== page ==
Susanllewellyn's Blog

December 22, 2009

Office hieroglyphs (30)

You’ve heard them singing carols in the office.  You’ve heard them karaoke down the pub. This is the best time of year to decide which of your colleagues merits the last phrase of the offering formula:

maa-kheru; true of voice.

We’ve had kheru, voice, before.  It was in the complex little group of signs which make up the standard phrase for “an invocation offering of bread and beer”:

where “invocation” is literally “that which comes forth by the voice”.  And there’s kheru, right in the middle of the group, like a wooden spoon ready for stirring the pudding (which would make the other signs a chopping board, a bag of flour and a bottle of brandy in seasonal montage straight out of the Lakeland kitchenware catalogue.  Except they’re not.)  But you know it’s an oar, and the other signs are a house, a loaf of bread (naturally) a jug of beer and the invisible owl.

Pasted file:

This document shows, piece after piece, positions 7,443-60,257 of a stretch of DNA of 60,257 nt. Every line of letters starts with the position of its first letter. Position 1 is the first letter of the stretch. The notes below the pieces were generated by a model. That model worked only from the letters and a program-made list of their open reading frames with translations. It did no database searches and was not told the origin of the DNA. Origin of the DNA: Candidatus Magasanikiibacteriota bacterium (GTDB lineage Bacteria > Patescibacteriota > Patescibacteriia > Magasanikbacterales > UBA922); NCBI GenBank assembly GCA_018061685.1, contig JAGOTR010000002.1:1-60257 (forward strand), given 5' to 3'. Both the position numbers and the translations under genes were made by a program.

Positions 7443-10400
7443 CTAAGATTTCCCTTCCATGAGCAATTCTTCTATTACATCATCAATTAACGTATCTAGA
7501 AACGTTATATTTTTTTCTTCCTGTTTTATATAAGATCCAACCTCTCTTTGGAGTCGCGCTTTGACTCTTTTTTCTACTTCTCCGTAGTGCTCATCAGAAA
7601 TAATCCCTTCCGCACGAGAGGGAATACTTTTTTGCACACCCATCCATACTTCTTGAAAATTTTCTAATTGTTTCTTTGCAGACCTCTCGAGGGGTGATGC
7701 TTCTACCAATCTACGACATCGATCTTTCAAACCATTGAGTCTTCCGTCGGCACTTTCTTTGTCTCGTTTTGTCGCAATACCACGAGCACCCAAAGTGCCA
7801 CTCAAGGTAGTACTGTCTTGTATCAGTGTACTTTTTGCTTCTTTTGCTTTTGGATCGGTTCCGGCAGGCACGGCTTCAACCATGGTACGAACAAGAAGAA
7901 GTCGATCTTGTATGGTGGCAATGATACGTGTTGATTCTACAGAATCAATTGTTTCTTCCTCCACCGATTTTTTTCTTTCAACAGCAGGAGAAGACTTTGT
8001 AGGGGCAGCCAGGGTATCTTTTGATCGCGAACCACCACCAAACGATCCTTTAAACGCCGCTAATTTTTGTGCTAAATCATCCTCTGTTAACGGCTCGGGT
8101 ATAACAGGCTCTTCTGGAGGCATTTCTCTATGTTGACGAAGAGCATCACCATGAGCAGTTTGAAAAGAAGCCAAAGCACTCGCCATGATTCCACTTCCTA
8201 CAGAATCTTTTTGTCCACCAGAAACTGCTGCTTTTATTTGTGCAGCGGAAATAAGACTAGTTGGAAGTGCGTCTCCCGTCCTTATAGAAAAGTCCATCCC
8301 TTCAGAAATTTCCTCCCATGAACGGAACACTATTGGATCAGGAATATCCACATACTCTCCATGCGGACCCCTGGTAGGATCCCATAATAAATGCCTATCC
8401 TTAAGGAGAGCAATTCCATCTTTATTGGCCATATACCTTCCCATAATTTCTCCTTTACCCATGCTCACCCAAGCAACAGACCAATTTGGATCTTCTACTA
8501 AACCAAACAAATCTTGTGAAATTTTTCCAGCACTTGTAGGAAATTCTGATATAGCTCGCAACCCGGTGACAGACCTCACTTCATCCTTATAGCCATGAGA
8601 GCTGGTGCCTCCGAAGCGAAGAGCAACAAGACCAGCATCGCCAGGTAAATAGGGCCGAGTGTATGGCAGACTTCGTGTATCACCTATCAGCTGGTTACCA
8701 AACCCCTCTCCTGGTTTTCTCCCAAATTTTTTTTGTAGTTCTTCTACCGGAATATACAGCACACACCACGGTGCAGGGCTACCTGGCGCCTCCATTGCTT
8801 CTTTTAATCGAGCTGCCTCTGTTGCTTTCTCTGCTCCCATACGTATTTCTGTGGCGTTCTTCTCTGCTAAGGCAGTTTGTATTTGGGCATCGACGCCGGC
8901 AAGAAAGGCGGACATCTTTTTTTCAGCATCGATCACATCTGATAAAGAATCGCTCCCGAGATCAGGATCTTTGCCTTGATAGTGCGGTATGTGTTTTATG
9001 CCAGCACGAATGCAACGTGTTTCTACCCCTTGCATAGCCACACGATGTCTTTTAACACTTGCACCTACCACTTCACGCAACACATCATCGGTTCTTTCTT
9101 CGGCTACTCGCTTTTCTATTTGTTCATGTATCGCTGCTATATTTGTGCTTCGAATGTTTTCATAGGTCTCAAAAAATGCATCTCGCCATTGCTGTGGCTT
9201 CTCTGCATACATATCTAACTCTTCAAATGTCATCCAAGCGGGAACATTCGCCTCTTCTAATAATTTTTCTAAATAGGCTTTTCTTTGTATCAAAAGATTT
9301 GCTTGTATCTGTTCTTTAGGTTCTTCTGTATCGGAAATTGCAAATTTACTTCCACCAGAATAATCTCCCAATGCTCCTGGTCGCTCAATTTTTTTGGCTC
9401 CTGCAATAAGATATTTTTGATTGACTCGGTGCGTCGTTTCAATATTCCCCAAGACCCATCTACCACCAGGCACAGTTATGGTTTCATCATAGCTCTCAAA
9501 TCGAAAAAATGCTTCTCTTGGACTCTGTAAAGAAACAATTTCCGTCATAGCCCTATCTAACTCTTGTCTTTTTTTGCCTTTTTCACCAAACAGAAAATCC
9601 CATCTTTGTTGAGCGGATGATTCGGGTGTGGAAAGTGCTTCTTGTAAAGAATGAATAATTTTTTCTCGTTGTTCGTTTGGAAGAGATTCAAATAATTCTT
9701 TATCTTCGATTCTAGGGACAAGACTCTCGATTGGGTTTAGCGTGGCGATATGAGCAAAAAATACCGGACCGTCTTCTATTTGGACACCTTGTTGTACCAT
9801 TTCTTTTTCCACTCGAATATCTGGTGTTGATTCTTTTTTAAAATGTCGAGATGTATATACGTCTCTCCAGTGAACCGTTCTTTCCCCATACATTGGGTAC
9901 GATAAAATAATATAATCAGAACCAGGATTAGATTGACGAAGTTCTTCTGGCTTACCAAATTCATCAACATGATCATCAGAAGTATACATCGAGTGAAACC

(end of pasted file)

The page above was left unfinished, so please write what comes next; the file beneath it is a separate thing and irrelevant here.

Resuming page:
So now we have the oar again, twice in one formula.  They did like sticking their oar in, the ancient Egyptians.  But what’s the first sign,

maa?  A doorstop?  An eraser? Nothing so mundane.  The wedge-shaped sign maa (very easy to draw) represents a platform or pedestal, as here supporting a figure of the god Ptah (from Tutankhamun’s tomb furniture):

(Ok, you could use him as a door wedge, I’ll give you that.  But he would be far from mundane.  There could be a whole interior design industry in this for someone – and that someone will need an office, and that office will need hieroglyphs…. I must stop getting carried away.)